DUNEDIN, Fla. - Doug Vitello owns Sunset Scooters in Clearwater. He's seen first-hand the increase in scooters on our roads.
"Every type of person is driving a scooter now," said Vitello.
When you combine a weakened economy with rising gas prices over the past several years, scooters and their relatively low price have become a popular alternative form of transportation. But riding a scooter can be dangerous.
Vitello recalls what a person might be saying to themselves when thinking of jumping on their scooter for a quick trip.
"I just got out of the pool, I'm in my bathing suit. I can just jump on my scooter and go to the corner store," said Vitello.
Dale Glanzman accepts his risk riding without a helmet. But too often he sees riders that appear to not have any regard for their own safety.".
"Riding without a shirt. Riding barefooted. Always have good footwear on and be very, very careful," explained Glanzman.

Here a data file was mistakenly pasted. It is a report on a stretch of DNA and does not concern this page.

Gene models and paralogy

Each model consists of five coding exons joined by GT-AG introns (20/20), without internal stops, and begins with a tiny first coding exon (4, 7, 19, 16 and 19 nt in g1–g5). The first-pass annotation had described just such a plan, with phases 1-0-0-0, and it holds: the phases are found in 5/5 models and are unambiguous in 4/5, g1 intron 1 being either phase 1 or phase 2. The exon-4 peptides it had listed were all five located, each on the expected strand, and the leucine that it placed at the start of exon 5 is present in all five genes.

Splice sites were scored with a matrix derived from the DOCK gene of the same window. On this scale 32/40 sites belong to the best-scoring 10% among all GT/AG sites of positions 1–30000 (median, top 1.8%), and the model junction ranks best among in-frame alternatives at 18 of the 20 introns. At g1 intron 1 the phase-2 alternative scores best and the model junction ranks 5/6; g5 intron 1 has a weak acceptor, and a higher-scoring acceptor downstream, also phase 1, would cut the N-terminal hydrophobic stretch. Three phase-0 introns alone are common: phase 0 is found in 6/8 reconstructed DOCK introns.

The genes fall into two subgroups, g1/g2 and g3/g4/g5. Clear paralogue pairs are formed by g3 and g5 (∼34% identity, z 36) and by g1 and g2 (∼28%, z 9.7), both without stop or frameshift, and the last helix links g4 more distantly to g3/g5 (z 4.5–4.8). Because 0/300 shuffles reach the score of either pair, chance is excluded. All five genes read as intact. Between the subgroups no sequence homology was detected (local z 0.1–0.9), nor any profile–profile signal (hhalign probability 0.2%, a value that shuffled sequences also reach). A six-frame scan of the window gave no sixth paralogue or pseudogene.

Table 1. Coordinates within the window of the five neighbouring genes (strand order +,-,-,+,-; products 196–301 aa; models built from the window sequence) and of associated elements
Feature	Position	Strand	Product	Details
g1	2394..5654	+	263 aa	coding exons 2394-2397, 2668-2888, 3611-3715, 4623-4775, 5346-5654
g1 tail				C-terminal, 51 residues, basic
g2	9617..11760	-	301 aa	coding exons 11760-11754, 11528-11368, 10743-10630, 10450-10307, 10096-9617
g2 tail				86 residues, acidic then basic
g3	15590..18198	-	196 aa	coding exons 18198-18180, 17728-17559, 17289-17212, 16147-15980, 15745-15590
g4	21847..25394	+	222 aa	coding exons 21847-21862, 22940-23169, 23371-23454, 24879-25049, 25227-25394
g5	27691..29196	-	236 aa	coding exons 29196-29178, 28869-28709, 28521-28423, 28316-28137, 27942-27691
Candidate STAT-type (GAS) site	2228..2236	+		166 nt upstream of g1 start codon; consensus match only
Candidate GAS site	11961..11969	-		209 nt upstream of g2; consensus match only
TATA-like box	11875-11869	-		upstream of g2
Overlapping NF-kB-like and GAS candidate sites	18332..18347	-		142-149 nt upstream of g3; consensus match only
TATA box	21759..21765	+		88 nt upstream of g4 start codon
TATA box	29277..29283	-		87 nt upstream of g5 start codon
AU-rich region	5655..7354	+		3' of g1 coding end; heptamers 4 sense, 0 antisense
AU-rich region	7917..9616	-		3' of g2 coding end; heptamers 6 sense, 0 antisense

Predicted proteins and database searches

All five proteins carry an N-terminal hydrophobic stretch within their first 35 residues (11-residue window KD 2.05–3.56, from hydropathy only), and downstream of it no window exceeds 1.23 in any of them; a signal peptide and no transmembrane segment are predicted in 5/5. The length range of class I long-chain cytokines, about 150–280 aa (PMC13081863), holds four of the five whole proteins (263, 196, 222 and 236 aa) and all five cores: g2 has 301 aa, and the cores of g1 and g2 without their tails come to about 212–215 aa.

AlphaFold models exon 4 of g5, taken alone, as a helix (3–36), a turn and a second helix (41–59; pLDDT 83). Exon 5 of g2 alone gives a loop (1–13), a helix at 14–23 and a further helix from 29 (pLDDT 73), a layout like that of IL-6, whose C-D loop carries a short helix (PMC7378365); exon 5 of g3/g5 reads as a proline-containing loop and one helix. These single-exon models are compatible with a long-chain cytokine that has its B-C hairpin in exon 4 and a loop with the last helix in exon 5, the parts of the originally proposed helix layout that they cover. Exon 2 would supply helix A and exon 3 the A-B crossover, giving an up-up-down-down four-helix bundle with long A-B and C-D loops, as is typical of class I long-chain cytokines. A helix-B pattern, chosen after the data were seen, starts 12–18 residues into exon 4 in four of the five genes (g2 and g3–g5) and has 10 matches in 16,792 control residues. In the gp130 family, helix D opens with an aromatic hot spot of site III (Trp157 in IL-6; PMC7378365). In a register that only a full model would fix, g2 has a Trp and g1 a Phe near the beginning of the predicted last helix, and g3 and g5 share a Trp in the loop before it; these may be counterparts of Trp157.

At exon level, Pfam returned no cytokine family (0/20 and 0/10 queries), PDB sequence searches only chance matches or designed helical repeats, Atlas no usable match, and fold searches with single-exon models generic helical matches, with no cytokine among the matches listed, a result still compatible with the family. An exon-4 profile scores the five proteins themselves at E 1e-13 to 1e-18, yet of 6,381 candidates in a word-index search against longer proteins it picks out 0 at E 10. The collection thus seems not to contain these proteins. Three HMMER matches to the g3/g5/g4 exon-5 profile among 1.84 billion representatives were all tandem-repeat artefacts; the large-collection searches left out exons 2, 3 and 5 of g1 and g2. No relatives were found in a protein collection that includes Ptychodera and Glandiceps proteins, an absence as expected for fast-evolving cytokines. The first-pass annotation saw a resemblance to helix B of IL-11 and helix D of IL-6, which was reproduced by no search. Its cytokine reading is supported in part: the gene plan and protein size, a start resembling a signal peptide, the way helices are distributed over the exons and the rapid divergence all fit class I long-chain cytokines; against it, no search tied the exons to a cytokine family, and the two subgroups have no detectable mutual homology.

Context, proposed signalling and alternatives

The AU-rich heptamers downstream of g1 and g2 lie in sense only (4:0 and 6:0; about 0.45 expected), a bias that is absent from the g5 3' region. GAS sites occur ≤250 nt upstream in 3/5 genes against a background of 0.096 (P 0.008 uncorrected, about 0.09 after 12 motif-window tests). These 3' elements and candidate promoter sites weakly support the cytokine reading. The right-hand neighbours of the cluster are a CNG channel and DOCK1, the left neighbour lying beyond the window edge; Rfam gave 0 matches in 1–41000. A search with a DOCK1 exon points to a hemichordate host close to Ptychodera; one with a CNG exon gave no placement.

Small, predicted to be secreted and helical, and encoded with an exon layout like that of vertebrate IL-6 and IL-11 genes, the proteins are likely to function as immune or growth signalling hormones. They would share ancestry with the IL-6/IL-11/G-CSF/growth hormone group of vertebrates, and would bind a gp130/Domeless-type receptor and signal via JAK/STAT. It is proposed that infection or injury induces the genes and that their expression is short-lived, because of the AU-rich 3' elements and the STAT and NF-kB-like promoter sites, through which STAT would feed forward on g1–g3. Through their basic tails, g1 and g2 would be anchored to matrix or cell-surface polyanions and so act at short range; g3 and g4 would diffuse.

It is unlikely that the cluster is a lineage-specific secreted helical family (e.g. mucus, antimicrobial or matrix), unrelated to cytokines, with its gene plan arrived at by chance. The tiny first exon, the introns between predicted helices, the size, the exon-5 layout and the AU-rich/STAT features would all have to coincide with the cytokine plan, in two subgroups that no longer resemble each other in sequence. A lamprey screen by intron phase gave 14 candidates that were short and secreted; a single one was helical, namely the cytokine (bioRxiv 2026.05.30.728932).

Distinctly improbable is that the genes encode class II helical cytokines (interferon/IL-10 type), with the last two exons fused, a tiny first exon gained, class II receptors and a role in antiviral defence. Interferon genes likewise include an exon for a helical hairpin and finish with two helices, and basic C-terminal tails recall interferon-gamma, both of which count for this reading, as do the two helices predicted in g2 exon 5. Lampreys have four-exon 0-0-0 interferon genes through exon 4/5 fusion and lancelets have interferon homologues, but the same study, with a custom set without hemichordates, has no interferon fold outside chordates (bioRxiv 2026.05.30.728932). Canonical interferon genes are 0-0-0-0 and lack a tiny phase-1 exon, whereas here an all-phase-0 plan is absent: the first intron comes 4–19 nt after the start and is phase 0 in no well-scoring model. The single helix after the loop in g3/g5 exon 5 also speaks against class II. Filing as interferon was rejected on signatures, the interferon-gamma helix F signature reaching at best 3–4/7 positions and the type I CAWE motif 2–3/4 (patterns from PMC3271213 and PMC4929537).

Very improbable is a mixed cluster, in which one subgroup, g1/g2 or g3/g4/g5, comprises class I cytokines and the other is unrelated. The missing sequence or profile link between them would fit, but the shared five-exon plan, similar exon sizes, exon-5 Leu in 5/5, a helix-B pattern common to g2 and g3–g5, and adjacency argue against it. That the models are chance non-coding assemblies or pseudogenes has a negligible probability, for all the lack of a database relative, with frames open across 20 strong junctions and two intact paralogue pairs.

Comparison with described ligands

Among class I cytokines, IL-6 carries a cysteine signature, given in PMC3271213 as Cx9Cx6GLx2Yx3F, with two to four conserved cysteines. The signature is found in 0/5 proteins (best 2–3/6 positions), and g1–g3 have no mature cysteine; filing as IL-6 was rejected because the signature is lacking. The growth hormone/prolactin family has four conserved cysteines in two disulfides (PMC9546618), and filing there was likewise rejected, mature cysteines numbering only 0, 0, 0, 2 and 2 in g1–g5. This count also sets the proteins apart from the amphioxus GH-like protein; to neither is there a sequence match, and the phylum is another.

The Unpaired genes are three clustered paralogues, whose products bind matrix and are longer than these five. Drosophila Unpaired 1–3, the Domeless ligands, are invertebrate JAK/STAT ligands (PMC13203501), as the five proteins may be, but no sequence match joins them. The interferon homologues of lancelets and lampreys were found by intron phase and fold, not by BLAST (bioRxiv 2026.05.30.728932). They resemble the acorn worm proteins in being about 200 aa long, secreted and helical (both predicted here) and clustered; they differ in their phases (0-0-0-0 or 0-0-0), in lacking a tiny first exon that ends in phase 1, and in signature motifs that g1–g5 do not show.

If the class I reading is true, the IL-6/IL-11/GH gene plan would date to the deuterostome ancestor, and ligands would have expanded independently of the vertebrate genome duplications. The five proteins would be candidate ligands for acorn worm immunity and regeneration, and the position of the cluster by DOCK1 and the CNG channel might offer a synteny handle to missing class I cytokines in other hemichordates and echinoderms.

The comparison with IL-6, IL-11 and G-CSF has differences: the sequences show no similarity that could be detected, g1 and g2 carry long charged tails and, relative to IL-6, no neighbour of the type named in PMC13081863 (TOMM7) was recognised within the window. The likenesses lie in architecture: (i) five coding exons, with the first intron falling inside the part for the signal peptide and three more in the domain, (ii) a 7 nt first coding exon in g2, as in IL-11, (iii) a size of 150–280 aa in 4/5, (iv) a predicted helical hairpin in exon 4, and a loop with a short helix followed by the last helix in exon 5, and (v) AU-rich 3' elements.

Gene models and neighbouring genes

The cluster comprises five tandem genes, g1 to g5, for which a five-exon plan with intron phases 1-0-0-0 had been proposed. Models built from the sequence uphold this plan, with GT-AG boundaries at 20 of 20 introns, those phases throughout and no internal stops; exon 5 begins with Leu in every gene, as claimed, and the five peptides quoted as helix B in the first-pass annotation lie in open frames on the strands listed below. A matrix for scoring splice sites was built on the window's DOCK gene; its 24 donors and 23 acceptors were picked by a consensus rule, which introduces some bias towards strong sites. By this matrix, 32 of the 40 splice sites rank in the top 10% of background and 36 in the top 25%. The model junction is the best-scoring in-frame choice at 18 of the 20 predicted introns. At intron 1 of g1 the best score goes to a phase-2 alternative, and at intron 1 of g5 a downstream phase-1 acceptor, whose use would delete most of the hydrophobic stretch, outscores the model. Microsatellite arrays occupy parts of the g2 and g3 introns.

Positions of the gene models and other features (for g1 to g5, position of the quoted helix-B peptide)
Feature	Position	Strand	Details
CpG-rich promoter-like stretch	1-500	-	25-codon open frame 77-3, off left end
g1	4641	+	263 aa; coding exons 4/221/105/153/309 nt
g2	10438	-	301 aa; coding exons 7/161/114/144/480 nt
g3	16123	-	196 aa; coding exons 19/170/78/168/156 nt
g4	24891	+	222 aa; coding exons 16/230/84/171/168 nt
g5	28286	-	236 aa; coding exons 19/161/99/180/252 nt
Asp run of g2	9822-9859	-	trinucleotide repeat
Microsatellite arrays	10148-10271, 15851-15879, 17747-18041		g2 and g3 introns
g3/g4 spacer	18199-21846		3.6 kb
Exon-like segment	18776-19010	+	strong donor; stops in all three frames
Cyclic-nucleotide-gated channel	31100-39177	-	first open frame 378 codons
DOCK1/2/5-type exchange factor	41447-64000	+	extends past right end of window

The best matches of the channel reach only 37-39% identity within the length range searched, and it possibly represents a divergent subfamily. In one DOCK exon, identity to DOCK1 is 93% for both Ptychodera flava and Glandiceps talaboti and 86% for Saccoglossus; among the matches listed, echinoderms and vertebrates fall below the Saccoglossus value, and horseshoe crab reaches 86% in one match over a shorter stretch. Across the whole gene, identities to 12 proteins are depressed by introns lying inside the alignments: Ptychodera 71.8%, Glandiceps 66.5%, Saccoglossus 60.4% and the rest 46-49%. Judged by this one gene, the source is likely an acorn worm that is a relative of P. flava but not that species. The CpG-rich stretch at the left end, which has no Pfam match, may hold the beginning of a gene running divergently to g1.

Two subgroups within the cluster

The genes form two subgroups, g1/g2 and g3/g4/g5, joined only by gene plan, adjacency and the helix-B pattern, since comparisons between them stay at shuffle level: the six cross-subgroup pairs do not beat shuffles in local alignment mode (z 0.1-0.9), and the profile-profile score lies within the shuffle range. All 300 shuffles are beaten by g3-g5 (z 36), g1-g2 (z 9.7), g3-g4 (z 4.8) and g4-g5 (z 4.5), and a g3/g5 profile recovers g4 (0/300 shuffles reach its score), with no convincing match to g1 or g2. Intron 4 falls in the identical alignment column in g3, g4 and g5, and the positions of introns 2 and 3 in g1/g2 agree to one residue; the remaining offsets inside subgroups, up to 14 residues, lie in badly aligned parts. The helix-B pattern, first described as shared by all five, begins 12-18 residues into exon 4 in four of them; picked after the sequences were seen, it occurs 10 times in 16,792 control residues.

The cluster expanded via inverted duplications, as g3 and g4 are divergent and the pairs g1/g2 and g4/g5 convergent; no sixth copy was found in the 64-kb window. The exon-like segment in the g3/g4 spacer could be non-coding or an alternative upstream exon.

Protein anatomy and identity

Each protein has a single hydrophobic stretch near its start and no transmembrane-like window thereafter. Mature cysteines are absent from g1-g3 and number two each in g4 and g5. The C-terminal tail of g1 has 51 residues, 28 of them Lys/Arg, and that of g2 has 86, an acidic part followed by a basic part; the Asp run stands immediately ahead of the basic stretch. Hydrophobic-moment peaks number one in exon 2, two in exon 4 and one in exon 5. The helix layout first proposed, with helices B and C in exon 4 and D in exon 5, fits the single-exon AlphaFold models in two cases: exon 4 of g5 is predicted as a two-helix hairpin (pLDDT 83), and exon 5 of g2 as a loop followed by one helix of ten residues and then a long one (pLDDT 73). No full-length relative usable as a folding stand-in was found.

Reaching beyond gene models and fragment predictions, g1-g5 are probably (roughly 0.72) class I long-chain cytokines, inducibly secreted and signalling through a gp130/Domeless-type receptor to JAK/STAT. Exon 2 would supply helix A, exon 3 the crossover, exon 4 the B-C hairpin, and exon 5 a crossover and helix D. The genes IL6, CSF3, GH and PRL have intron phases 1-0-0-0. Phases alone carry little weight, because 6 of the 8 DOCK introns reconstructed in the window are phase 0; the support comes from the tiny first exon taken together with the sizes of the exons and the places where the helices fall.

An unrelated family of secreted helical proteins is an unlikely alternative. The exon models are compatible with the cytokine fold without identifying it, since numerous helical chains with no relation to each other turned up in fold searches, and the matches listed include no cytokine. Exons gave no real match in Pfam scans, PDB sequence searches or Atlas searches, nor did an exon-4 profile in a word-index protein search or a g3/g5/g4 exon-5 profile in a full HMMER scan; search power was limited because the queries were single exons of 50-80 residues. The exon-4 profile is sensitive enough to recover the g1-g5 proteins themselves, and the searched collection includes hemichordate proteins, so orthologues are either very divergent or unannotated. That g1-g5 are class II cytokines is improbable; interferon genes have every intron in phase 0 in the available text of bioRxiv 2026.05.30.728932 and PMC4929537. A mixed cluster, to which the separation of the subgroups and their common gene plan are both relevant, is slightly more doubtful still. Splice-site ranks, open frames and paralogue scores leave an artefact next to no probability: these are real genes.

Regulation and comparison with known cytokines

According to a Pinellas County Sheriff's Office report, a 57-year old Dunedin man was cutting between lanes of traffic on his scooter before cutting in front of other cars to make a right turn Sunday afternoon at the intersection of Belcher Rd. and 580. The man died when he drove into the path of another car.
Still, it's up to each individual rider how they approach their own safety.
"I think there's the potential for people to think more recreative when they ride these scooters," said Sgt. Nicholas Lazaris, with the sheriff's Major Accident Investigation Team.
Keeping safety as the most important aspect of scooter riding could save your life. But some riders simply want a fun mode of transportation; not thinking of the consequences.
"Their legs are all chewed up and scratched up. They were riding their scooters in flip-flops and shorts and what have you. They go down and they're a mess," said Vitello.
Copyright 2013 Scripps Media, Inc. All rights reserved. This material may not be published, broadcast, rewritten, or redistributed.
President Barack Obama shook hands with Cuban President Raul Castro Tuesday at a memorial service for Nelson Mandela, a simple gesture that, while promptly downplayed by the White House, created a furor in Washington among critics of the Cuban regime.